His mistress, having by this time recollected herself, replied with a most exhilarating smile, “I ought to punish you for your obstinacy with the mortification of a twelvemonth’s trial; but it is dangerous to tamper with an admirer of your disposition, and therefore I think I must make sure of you while it is in my power.”  6
  “You are willing then to take me for better for worse, in presence of Heaven and these witnesses?” cried Peregrine kneeling, and applying her hand to his lips.  7
  At this interrogation, her features softened into an amazing expression of condescending love; and while she darted a side glance that thrilled to his marrow, and heaved a sigh more soft than Zephyr’s balmy wing, her answer was, “Why—ay—and Heaven grant me patience to bear the humors of such a yoke-fellow.”  8
  “And may the same powers,” replied the youth, “grant me life and opportunity to manifest the immensity of my love. Meanwhile I have eighty thousand pounds, which shall be laid in your lap.”  9
  So saying, he sealed the contract upon her lips, and explained the mystery of his last words, which had begun to operate upon the wonder of the two sisters. Sophy was agreeably surprised with the account of his good fortune: nor was it, in all probability, unacceptable to the lovely Emilia; though from this information she took an opportunity to upbraid her admirer with the inflexibility of his pride, which, she scrupled not to say, would have baffled all the suggestions of passion had it not been gratified by this providential event.  10
  Matters being thus happily matured, the lover begged that immediate recourse might be had to the church, and his happiness ascertained. He fell at her feet in all the agony of impatience; swore that his life and intellects would actually be in jeopardy by her refusal: and when she attempted to argue him out of his demand, began to rave with such extravagance that Sophy was frightened into conviction; and Godfrey enforcing the remonstrances of his friend, the amiable Emilia was teased into compliance….  11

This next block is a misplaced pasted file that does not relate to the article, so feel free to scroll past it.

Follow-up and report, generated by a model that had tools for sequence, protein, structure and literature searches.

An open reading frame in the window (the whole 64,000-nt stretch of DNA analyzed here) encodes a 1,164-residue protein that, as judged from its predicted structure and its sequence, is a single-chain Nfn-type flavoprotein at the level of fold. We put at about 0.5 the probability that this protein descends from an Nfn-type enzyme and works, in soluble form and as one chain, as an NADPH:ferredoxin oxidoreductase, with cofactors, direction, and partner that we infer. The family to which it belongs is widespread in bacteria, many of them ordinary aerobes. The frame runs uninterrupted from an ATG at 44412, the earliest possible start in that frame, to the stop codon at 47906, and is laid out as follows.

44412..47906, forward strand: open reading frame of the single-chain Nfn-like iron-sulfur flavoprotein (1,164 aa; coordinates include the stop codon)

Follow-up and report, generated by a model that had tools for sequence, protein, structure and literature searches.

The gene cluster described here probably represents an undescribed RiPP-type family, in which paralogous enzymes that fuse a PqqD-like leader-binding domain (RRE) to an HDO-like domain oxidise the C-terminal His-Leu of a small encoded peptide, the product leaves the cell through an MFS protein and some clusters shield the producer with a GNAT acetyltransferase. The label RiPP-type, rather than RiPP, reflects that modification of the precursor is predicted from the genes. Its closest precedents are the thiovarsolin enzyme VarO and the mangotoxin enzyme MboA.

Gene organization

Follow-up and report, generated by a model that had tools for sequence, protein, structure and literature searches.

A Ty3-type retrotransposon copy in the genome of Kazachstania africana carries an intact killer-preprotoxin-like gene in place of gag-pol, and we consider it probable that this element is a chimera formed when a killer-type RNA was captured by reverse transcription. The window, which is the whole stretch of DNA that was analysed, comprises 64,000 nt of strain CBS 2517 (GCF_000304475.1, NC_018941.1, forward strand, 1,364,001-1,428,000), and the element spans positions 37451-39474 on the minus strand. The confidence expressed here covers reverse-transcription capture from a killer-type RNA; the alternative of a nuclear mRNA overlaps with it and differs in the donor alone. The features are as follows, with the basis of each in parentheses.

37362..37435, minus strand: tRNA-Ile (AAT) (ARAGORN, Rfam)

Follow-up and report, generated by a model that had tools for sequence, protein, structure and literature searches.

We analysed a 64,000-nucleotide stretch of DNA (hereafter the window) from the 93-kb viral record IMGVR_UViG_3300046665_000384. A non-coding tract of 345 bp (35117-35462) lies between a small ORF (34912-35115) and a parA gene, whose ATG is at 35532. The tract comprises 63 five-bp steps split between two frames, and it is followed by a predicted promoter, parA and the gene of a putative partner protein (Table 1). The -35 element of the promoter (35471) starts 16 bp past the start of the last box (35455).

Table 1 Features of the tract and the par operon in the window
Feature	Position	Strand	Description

He accordingly led her into the dining-room, where the ceremony was performed without delay; and after the husband had asserted his prerogative on her lips, the whole company saluted her by the name of Mrs. Pickle….  12
  An express was immediately dispatched to Mrs. Gauntlet with an account of her daughter’s marriage; a town-house was hired, and a handsome equipage set up, in which the new-married pair appeared at all public places, to the astonishment of our adventurer’s fair-weather friends and the admiration of all the world: for in point of figure such another couple was not to be found in the whole United Kingdom. Envy despaired, and detraction was struck dumb, when our hero’s new accession of fortune was consigned to the celebration of public fame; Emilia attracted the notice of all observers, from the pert Templar to the Sovereign himself, who was pleased to bestow encomiums upon the excellence of her beauty. Many persons of consequence, who had dropped the acquaintance of Peregrine in the beginning of his decline, now made open efforts to cultivate his friendship anew: but he discouraged all these advances with the most mortifying disdain; and one day when the nobleman whom he had formerly obliged came up to him in the drawing-room, with the salutation of “Your servant, Mr. Pickle,” he eyed him with a look of ineffable contempt, saying, “I suppose your Lordship is mistaken in your man,” and turned his head another way in presence of the whole court.  13
  When he had made a circuit round all the places frequented by the beau monde, to the utter confusion of those against whom his resentment was kindled, paid off his debts, and settled his money matters in town, Hatchway was dismissed to the country, in order to prepare for the reception of his fair Emilia. In a few days after his departure, the whole company (Cadwallader himself included) set out for his father’s house; and in their way took up Mrs. Gauntlet, the mother, who was sincerely rejoiced to see our hero in the capacity of her son-in-law.  14